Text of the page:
2 144 descendant of Emile Durkheim, uses social explanations to explain why some political forms of coordination are so sturdy. I call this type sociology of the social. The latter type I call sociology of association or of translation. When political sociology sets out to explain politics through society, it renders politics superficial and replaceable. By contrast, when the other political sociology strives to explain the very existence of social aggregates through political discourse, that discourse immediately becomes irreplaceable. In the former instance, if we were to lose politics we would not lose much; in the latter, we would lose all means of social articulation F at least for all the associations in which the us and they is in question. 2 Yet the Tardian sociology also has problems. Sociologies of translation encounter a difficulty that sociologies of the social avoid since they always begin with the existence of aggregates: how are the aggregates themselves produced? The question that Gabriel Tarde put to Durkheim becomes more complex because sociologists of mediation have deliberately deprived themselves of any type of already existing social structure to coordinate interactions (Tarde, 1999). In my opinion, the most fertile solution is to investigate modes of deployment F what I call more technically regimes of enunciation F in search of the source of coordination that sociologies of the social impute to underlying or pre-existing structures. As Antoine Hennion has shown, following Howie Becker, there is for example an aesthetic regime of the unfolding of mediations peculiar to the world of art (Becker, 1988; Hennion, 1993). I have explored some others, in science (Latour, 1995), in technique (Latour, 1992), in law (Latour, 2003), and in religion (Latour, 2000). Every time, a precise form of contamination, concatenation, connection, mediation F irrespective of the word F makes it possible to account for the type of association that the term social link leaves unclear. In keeping with this programme of systematic comparison of enunciation regimes, I would like to raise the question of what is at play when one talks to someone about something in a political way. What is the tone characterizing this enunciation regime? What vehicle conveys the political way of relating to one another? By politics, I do not mean conversations on explicitly political topics, such as parliamentary elections, corruption among elected representatives or laws that need to be passed. Nor do I limit the term to the statements of men and women called politicians, as if there were a particular sphere or domain distinct from economics, society, law, etc.; nor to all the ingredients comprising politics as an institution, as defined in the corridors of political science departments, that is, international relations, constitutional law, power struggles, etc. It is clear that politics, like science, law or religion, forms heterogeneous institutions which simultaneously belong to all enunciation regimes. However, precisely, I would for the moment like to suspend any definition of institutions,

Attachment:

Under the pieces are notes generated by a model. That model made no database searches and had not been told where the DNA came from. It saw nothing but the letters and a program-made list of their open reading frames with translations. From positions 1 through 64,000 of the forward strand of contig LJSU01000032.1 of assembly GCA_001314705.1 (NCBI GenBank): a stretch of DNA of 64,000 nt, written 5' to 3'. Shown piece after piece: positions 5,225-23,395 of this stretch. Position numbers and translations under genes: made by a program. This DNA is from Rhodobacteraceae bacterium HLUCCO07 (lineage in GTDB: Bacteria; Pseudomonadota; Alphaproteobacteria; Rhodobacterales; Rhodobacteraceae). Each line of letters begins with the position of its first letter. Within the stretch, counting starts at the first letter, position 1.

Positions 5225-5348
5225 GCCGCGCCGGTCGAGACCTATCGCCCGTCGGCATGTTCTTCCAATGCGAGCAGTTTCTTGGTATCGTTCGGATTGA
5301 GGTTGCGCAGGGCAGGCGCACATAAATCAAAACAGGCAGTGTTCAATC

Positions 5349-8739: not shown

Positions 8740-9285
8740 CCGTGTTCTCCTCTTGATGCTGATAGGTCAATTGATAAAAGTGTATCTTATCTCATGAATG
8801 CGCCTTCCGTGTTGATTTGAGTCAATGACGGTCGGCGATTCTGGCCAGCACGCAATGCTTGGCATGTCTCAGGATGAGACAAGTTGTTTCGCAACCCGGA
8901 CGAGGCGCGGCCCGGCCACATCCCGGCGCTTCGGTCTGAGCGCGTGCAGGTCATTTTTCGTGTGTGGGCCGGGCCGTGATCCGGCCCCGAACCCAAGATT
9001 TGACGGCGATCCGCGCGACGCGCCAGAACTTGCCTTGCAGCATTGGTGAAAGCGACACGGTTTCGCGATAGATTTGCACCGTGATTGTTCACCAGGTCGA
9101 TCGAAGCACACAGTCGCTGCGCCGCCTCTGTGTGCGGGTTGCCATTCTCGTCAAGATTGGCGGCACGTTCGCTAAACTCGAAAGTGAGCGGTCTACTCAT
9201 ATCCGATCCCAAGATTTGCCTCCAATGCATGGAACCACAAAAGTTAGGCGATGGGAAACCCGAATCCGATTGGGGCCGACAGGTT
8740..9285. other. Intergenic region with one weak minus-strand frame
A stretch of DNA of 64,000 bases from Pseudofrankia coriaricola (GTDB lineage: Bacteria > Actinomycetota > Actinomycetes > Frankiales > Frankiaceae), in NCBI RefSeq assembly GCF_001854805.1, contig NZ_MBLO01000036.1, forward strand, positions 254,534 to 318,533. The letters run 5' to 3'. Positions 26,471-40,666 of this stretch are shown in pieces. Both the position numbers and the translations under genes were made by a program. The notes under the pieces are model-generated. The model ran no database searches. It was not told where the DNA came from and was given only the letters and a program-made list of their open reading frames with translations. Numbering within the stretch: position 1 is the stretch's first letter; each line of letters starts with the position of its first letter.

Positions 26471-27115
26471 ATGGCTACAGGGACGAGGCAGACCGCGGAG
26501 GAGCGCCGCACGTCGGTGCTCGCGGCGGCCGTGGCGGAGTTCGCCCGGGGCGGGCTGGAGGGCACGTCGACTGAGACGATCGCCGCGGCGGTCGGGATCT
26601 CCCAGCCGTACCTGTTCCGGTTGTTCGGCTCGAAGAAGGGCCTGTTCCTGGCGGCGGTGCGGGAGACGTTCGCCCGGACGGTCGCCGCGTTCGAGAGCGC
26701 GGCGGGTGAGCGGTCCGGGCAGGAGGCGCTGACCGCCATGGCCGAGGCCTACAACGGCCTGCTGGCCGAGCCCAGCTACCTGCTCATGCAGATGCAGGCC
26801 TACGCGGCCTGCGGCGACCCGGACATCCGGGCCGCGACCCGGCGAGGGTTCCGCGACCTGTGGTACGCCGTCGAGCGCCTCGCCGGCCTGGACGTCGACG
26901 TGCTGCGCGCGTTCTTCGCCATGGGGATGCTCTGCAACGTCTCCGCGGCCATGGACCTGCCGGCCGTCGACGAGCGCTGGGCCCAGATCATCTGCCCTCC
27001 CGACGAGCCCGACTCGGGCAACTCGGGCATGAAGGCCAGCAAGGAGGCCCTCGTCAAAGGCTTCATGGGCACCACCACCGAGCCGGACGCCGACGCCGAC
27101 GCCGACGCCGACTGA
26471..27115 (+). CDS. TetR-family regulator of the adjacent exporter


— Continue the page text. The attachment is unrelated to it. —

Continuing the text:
3 145 subjects, genres or political agents likely to bind us to a certain type of content, and rather to focus on a regime of talk, a particular manner of speech. One can be a member of Parliament and not talk in a political way. Conversely, one can be at home with one s family, in an office, at work, and start talking politically about some issue or other even if none of one s words have any apparent link with the political sphere. If we could define this particular enunciation regime with some precision, we would be able to identify the times, places, topics and people who do actually knit politics, without any concern for the fact of belonging or not to what political science refers to as the political. If, as so many commentators claim, there is a crisis in politics or a crisis of representation, it is perhaps because we have not been able to distinguish this peculiar enunciation regime from the far more restricted domain that elected representatives and their voters talk about. Strengths and Weaknesses of Political Talk Political expression is always disappointing; that is where we must start. In terms of the transfer of exact undistorted information on the social or natural world, we could say that it always seems to be totally inadequate: truisms, clichés, handshakes, half-truths, half-lies, windy words, repetitions mostly, ad nauseam. That is the ordinary, banal, daily, limp, tautological character of this form of discourse that shocks the brilliant, the upright, the fast, the organized, the lively, the informed, the great, the decided. When one says that someone or something is political, one signals above all this fundamental disappointment, as if it were no longer possible to move forwards in a straight line, reasonably, quickly, efficiently, but necessary to take into account, a whole lot of extrarational factors of which one fails to clearly understand all the ins and outs but which form an obscure, soft, heavy, round mass that sticks to those with the best intentions and, judging by what they say, seems to slow them down. The expression that s political means first and foremost it doesn t move straight, it doesn t move fast ; it always implies that if only we didn t have this load, we d achieve our goal more directly. Why are the curved, the cumbersome and the slow so much part of this form of talk? Since it is always evaluated by other forms which do not understand it. It is impossible to use the word political without immediately having to justify oneself, as if it had to appear before a tribunal to receive permission to be used. What is this tribunal, this suspicious police that has political expression under constant surveillance? For a start, we could say roughly that it consists of information, transparency, exactitude, rectitude and faithful representation. That is the dream of honest thinking, of non-deformation, of immediacy, of the